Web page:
A woman says a dog control officer broke into her home to seize her dog because his registration was overdue.

Liesje Bradley alleges the officer broke into her Te Atatu home on Tuesday.

She had forgotten to register Monty, a 10-year-old Jack Russell-fox terrier cross, after her son suffered serious head injuries after a scooter accident.

Under the Dog Control Act 1996, dog control officers can seize an unregistered dog, and may enter a property to do so, but they may not enter the owner's "dwelling house".


When contacted yesterday, an Auckland Council spokesman said he would only be able to access information about this case next week.

Bradley admits she should not have let the registration lapse but received the warning notice soon after 9-year-old Brent was admitted to hospital.

In the weeks that followed, as Brent underwent surgery, the $98 fee was the last thing on her mind, she said.

Monty was home alone on Tuesday and was shut inside the house. A neighbour noticed the officer and four or five others at the house and phoned Bradley straight away.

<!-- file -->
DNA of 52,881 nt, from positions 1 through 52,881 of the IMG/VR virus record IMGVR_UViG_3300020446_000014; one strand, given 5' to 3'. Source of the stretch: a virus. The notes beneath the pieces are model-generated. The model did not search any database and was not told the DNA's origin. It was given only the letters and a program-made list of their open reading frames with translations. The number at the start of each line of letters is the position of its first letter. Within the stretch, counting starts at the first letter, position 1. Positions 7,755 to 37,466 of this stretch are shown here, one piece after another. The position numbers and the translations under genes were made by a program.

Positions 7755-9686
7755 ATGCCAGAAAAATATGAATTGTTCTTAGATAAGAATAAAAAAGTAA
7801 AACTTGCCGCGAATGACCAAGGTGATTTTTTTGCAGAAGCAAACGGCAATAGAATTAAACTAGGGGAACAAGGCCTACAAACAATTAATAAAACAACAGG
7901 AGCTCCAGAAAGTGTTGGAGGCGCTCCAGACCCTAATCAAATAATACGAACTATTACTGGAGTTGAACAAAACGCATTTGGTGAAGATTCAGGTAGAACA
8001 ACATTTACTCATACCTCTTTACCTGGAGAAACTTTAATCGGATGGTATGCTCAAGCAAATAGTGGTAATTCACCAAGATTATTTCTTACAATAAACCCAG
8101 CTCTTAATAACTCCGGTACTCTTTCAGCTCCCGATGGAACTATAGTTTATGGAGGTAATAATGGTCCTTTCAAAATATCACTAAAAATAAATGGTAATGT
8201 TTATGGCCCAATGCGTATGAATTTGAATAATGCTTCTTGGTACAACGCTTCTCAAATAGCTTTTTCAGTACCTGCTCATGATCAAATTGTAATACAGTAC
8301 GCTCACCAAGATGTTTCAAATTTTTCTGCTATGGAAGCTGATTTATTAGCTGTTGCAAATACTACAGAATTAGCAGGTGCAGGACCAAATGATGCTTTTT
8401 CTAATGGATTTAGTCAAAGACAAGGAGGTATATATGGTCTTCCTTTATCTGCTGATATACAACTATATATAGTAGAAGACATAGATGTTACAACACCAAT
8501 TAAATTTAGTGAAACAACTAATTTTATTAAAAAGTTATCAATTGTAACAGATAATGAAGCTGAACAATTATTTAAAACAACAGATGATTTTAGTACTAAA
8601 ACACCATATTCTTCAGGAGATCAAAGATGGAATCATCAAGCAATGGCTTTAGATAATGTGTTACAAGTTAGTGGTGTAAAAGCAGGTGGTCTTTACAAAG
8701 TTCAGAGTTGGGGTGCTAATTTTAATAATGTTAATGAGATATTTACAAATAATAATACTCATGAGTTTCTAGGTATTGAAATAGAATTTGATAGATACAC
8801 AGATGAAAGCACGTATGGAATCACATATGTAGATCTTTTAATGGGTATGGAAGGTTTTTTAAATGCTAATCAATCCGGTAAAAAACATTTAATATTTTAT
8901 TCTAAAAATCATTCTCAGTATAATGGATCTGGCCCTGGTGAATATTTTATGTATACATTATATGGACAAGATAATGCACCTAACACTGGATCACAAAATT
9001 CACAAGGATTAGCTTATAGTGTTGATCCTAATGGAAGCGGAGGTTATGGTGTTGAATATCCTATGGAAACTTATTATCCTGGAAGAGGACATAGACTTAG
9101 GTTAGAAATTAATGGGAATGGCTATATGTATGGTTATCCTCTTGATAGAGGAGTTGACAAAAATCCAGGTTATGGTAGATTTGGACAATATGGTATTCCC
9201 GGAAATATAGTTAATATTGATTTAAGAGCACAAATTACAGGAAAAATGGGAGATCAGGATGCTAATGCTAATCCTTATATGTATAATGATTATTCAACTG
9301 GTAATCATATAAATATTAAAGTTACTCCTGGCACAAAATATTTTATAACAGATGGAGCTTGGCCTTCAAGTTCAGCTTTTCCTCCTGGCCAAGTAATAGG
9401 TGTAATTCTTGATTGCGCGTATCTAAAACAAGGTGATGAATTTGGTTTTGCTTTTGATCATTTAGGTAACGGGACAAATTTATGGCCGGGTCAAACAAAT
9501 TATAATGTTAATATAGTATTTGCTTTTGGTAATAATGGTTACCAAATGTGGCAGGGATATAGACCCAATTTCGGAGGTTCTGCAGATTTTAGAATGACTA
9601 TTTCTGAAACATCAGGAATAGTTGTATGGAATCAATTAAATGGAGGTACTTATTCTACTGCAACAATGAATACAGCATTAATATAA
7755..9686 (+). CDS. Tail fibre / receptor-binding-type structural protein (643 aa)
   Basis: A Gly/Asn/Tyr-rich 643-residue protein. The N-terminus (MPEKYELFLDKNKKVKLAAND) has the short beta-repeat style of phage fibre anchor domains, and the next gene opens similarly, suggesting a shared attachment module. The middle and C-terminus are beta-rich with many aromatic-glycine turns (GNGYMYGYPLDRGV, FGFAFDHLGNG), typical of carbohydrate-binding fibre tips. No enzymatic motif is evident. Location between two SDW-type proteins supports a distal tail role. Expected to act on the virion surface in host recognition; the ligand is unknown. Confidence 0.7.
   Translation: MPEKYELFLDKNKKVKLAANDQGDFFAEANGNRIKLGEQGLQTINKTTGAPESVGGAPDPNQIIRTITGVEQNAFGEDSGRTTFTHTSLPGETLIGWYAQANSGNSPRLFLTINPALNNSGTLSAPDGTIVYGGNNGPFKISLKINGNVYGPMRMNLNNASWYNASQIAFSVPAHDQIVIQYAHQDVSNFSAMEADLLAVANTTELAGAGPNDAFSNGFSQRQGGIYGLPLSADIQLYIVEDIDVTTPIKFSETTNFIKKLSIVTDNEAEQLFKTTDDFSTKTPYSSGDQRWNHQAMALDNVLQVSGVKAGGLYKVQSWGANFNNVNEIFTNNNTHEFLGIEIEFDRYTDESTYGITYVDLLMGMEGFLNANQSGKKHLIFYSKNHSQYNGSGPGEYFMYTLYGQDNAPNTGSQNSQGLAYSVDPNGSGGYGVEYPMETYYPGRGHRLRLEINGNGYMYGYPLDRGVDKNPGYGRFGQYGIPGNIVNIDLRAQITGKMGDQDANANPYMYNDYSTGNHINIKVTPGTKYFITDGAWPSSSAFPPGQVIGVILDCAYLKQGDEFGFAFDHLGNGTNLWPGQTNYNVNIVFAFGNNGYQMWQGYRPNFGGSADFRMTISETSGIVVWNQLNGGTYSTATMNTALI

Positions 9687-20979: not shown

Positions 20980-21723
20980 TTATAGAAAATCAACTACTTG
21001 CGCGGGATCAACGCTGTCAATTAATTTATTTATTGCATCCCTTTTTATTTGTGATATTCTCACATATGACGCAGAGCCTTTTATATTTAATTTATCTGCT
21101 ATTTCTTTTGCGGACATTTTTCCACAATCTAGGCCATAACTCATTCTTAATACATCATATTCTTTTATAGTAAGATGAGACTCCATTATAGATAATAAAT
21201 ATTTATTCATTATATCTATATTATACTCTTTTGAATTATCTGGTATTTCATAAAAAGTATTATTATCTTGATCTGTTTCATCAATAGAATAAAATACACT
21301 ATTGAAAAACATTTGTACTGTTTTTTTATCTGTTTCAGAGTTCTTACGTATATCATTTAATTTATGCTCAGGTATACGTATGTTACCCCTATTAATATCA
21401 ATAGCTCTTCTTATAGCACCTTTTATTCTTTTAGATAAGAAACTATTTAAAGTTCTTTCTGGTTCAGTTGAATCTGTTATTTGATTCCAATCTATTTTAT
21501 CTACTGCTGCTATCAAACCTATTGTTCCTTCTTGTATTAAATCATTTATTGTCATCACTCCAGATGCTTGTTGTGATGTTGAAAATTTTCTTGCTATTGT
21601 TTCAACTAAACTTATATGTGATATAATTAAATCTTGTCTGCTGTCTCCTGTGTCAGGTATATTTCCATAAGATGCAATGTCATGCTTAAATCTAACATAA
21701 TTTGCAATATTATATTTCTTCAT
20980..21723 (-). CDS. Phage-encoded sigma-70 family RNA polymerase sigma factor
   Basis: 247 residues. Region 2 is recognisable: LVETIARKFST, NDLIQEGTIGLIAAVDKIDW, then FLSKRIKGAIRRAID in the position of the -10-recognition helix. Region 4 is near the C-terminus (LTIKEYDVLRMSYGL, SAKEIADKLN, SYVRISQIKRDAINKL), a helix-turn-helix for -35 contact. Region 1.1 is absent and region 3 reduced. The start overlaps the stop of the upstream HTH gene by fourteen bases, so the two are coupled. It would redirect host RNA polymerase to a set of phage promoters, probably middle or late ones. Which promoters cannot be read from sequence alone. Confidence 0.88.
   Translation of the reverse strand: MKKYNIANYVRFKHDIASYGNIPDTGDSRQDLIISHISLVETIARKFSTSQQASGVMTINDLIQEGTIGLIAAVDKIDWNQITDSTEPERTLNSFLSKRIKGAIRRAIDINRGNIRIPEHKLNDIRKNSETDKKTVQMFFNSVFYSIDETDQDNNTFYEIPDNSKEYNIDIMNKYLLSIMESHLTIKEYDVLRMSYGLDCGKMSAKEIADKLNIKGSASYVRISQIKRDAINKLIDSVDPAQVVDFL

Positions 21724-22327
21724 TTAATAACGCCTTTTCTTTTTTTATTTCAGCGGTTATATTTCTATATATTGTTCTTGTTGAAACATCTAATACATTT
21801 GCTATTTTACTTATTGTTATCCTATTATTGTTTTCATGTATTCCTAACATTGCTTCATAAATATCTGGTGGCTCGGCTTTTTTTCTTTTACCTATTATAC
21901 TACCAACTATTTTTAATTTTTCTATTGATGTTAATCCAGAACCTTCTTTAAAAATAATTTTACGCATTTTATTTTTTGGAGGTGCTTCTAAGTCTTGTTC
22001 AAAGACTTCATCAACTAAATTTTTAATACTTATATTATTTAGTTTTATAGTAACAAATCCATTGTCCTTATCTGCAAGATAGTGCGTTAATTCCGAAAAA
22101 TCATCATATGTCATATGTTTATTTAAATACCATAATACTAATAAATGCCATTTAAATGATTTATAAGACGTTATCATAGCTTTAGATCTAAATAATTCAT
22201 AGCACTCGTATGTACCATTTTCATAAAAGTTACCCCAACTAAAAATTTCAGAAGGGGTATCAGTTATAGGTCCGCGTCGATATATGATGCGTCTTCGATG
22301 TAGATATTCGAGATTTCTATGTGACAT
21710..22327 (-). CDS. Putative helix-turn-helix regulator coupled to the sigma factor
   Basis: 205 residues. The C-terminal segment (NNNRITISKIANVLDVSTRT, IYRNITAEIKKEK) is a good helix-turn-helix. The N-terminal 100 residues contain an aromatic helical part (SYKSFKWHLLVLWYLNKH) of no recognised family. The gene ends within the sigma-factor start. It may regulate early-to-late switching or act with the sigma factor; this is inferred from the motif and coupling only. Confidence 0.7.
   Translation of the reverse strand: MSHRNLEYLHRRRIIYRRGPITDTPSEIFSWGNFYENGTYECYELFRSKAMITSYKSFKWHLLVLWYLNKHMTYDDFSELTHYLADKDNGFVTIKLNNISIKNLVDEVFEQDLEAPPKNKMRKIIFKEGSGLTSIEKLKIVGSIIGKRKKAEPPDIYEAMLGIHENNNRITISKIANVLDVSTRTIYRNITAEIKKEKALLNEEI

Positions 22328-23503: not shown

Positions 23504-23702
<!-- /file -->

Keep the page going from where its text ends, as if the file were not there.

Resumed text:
The officer asked the neighbour whether they were "good people", and then agreed to leave without Monty.

Bradley left work to come home immediately and found the front door unlocked and the bedroom window ajar. She found a notice on a dresser stating the officer's name and mobile number.

She was shocked by the officer's actions and felt "violated" that he had been in her home. "We were in the wrong but to cross the line and enter our home through the bedroom window, that's the thing that's so wrong. They couldn't lock our house up after they left, so they left our house open to being burgled."

She said there was no evidence of a search warrant having been issued, nor any complaints against Monty.

Needless to say, Bradley paid Monty's registration that day.